2:44 PM EST, February 16, 2013
Peter Beilenson — doctor and public health visionary, Baltimore health commissioner, Howard County health officer, quick-study scholar and decoder of federal regulations — remains one of our most interesting men.
A person whose leadership has certainly improved the lives of thousands of Marylanders over the last 20 years, from Baltimore heroin addicts to young families in Columbia, Beilenson is now trying to establish a nonprofit health insurance cooperative — that is, Obamacare as progressives envisioned it from the start.
Beilenson left his post in Howard County last fall, having helped establish Healthy Howard, a pre-Obamacare initiative that provided medical care at modest premiums to individuals and working-class families who fell into a gap: They earned too much to be eligible for Medicaid but not enough to be able to afford private insurance. With the support of his boss, Howard County Executive Ken Ulman, Beilenson cobbled together an array of primary-care and specialist services, some of them pro bono, and offered them for modest monthly fees.
During Beilenson's tenure, about 2,000 individuals and families enrolled in Healthy Howard and several thousand more took advantage of the county's effort to introduce people to health benefits — such as subsidies for prescriptions — that they didn't know they could get.
There's a lot of that in health care, Beilenson discovered, and even more with the passage of the voluminous Affordable Care Act and its affirmation by the Supreme Court.
"Section 1322," Beilenson says, when I ask about his next great undertaking: the establishment of Evergreen Health Cooperative. Section 1322 of the ACA, he discovered, provides millions of dollars in financing for the startup of nonprofit cooperatives to compete with for-profit insurance companies. Each state is eligible for up to two such entities. Maryland has one, and it's Evergreen.
The cooperative received a $65 million federal loan in late September, and Beilenson left his post in Howard County to oversee the research, development, regulatory compliance and fundraising that will be needed to get Evergreen up and running by Jan. 1.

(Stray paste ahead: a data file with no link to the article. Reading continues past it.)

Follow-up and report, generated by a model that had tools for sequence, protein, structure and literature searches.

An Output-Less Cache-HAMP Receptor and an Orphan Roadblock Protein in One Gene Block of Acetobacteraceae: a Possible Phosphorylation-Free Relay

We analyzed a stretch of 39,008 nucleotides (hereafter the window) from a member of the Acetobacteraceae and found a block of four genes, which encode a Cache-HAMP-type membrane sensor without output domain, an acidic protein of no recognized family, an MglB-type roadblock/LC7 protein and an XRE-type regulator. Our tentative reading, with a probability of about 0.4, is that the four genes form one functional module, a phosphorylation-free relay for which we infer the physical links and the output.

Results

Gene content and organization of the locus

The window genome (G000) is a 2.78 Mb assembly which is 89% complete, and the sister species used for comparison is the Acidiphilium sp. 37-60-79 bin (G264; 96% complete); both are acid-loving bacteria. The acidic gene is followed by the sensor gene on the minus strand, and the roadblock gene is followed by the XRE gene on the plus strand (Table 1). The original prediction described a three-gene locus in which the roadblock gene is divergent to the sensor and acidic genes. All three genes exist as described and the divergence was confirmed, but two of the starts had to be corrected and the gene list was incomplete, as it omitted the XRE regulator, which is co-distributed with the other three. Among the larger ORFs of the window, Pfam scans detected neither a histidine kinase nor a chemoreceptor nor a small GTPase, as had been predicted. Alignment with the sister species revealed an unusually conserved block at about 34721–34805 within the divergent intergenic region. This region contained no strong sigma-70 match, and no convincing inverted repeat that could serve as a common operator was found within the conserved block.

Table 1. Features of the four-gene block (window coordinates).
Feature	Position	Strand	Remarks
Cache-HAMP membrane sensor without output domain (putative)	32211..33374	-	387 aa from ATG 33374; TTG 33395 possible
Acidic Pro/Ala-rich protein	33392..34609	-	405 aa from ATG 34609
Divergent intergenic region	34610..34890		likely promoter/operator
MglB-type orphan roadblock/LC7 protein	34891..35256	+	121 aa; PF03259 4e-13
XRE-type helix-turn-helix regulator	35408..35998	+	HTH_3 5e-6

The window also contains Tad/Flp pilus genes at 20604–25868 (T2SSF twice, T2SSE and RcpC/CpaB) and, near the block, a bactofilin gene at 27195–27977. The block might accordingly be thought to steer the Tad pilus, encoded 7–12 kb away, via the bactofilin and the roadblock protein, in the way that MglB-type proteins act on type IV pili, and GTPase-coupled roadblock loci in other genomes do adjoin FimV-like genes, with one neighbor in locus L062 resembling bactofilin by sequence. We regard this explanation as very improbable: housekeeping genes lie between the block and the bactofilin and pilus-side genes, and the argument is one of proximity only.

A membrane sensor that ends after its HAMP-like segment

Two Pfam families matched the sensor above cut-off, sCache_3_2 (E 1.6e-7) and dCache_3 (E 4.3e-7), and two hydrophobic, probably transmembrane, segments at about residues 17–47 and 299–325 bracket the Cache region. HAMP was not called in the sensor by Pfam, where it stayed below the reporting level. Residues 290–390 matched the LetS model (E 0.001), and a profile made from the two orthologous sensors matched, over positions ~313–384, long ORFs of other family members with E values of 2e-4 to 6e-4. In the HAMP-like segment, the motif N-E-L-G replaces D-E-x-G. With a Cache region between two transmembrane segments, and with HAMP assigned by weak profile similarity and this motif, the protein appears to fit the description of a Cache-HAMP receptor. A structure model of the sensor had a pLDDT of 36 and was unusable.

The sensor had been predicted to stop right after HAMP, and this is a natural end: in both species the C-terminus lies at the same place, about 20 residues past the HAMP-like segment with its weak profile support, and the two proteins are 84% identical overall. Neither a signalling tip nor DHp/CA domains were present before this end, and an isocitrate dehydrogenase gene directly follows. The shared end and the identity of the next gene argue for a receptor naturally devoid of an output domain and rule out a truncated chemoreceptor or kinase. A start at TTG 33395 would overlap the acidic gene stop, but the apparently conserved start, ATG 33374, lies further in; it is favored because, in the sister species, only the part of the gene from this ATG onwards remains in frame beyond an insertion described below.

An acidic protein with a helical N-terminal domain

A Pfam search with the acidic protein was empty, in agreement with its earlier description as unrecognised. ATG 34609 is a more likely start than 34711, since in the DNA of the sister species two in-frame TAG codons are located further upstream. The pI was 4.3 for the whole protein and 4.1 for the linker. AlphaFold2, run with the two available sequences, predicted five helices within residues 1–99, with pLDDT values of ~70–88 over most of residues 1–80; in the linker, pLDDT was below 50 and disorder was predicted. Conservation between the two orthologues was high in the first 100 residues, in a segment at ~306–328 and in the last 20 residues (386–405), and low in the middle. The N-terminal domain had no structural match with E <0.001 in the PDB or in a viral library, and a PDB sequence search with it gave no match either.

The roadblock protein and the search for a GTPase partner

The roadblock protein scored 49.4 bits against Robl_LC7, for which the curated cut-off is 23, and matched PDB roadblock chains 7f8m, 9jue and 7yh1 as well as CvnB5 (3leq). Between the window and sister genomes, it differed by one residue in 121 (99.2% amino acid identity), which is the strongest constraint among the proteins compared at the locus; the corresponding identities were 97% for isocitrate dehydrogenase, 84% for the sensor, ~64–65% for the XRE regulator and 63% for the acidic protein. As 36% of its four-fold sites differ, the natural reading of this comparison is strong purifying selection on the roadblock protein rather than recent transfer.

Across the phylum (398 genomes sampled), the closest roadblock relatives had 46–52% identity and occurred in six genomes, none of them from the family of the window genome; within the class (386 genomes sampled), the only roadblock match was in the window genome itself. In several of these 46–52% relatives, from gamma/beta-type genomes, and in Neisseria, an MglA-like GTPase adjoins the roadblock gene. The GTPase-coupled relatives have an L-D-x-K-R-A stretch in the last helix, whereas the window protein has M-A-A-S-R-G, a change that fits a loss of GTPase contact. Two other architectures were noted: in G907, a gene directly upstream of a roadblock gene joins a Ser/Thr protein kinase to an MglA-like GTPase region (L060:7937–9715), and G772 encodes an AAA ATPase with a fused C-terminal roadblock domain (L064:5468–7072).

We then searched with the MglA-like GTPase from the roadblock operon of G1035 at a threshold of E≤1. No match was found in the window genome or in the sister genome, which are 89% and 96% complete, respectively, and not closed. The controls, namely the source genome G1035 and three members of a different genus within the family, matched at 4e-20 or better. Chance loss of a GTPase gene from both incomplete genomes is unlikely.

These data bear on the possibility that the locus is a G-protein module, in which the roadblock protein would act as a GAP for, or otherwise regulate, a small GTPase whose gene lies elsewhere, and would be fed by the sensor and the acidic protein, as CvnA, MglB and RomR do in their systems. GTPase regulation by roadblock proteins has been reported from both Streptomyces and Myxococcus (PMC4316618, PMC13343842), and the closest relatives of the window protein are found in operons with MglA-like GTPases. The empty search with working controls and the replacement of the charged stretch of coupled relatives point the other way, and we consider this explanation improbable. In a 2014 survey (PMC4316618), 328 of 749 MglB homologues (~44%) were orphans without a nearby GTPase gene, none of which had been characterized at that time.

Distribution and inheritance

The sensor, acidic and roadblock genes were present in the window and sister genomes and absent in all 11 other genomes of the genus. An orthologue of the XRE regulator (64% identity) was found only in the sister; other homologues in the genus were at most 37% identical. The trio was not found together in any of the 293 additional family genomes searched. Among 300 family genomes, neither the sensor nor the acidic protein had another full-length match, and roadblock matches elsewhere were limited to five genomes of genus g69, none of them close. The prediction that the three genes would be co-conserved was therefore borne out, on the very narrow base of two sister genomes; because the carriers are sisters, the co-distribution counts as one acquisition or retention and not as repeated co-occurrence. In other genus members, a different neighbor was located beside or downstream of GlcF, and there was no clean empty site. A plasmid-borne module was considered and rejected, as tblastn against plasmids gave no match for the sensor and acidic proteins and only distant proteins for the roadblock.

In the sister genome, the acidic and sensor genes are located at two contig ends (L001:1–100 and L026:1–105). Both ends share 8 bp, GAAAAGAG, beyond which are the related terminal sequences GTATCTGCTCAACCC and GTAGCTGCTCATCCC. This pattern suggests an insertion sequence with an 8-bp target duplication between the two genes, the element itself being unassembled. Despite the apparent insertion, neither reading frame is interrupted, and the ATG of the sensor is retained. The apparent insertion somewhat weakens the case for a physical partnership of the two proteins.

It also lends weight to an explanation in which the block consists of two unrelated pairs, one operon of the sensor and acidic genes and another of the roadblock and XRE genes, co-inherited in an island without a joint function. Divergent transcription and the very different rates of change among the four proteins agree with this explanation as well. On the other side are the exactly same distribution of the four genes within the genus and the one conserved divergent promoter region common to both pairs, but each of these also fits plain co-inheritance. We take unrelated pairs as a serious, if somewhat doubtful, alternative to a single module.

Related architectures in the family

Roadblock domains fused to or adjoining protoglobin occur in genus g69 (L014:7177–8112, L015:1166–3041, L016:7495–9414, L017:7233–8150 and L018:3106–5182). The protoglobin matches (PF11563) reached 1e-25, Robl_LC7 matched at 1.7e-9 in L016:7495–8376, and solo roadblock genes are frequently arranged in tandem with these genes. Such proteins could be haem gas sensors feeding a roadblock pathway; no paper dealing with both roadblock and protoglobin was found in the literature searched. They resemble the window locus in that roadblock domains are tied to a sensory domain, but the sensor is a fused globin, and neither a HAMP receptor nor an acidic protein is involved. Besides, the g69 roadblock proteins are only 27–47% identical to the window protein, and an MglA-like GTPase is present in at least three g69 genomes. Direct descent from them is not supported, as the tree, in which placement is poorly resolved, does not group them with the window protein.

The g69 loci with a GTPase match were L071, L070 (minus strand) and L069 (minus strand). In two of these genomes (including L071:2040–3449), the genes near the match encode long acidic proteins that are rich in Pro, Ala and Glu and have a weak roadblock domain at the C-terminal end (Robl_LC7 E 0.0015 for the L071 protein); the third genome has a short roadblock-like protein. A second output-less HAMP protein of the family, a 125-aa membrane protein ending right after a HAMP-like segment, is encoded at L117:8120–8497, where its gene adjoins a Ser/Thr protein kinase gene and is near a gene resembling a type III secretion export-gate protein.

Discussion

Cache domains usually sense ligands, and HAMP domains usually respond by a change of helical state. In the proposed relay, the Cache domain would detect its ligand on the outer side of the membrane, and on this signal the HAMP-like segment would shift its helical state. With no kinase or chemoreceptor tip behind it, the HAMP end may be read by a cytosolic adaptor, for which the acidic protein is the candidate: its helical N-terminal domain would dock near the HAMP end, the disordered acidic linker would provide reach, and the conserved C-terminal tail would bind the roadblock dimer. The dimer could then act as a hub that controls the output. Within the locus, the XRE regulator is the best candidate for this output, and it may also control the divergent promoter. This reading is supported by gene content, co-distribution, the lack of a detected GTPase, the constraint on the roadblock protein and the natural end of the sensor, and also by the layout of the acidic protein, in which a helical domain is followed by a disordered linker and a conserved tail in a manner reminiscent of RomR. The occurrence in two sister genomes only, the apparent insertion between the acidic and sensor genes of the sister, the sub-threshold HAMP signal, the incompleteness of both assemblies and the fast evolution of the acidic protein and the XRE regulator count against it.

The mission of Beilenson's brainchild is along the lines of Healthy Howard: provide health care to thousands of Marylanders in the gap between Medicaid and private insurance, though anyone can apply for membership in the cooperative.
Evergreen's centerpiece is service: primary-care "medical homes" at four locations in Maryland shopping centers or malls (probably in White Marsh, Baltimore, Howard County and Prince George's County); staffs of salaried doctors, nurses, health coaches and social workers; smart use of telemedicine and Skype to consult with specialists, avoid unnecessary procedures and visits to emergency rooms; and emphasis on prevention by getting members to develop healthier lifestyles.
"A lot of this has been done before," Beilenson says. "We're trying to put it all together; that's the difference."
The goal is to bundle the best practices and save money.
"Obamacare does a lot to expand health care coverage," Beilenson says, "but it doesn't do enough to reduce costs."
Of course, profit remains in health care delivery. President Obama pretty much declared a single-payer system modeled after Medicare dead on arrival when he handed off his health care reforms to Congress. But despite all the trade offs and compromises that were made in 2010, Section 1322 of Obamacare remains. In the case of Beilenson's Evergreen, that means millions of dollars of credit to establish his plan's solvency and cover its startup costs.
But he and his board will still have to raise money. None of the Obamacare loan can be used for the marketing of Evergreen to Marylanders. Up against the established insurance providers, that will be take gobs of dough.
So Beilenson is running.
Evergreen has already been presenting ideas to focus groups, he says, sampling opinions of men and women, from 24 to 64 years of age, from the city and from the suburbs. So far, so good, he says. People like the convenience of an insurance plan that has its own teams of health care professionals, and focus group participants have been surprisingly receptive to the use of their smartphones to consult with doctors and nurse practitioners.
Something else: Beilenson, who has Parkinson's disease, doesn't want his new customers — excuse me, fellow members of his cooperative — to encounter what he does when he calls his present insurance company. He's adamant that they not spend a lot of time pushing buttons on a telephone to find help when they need it. Evergreen promises a live human being (in Maryland and not Malaysia) who will answer within 30 seconds when someone calls for help. Imagine that.
"That was the single piece that got the biggest response from the focus group," Beilenson says. "When we described that, people said, 'Yes, absolutely!'"
Evergreen is no doubt a risky venture, with a big loan to repay. Beilenson and his collaborators have to get people to buy into a new plan. But he has confidence he'll find takers, including those who see in Evergreen's promise Obamacare as it should have been done in the first place.
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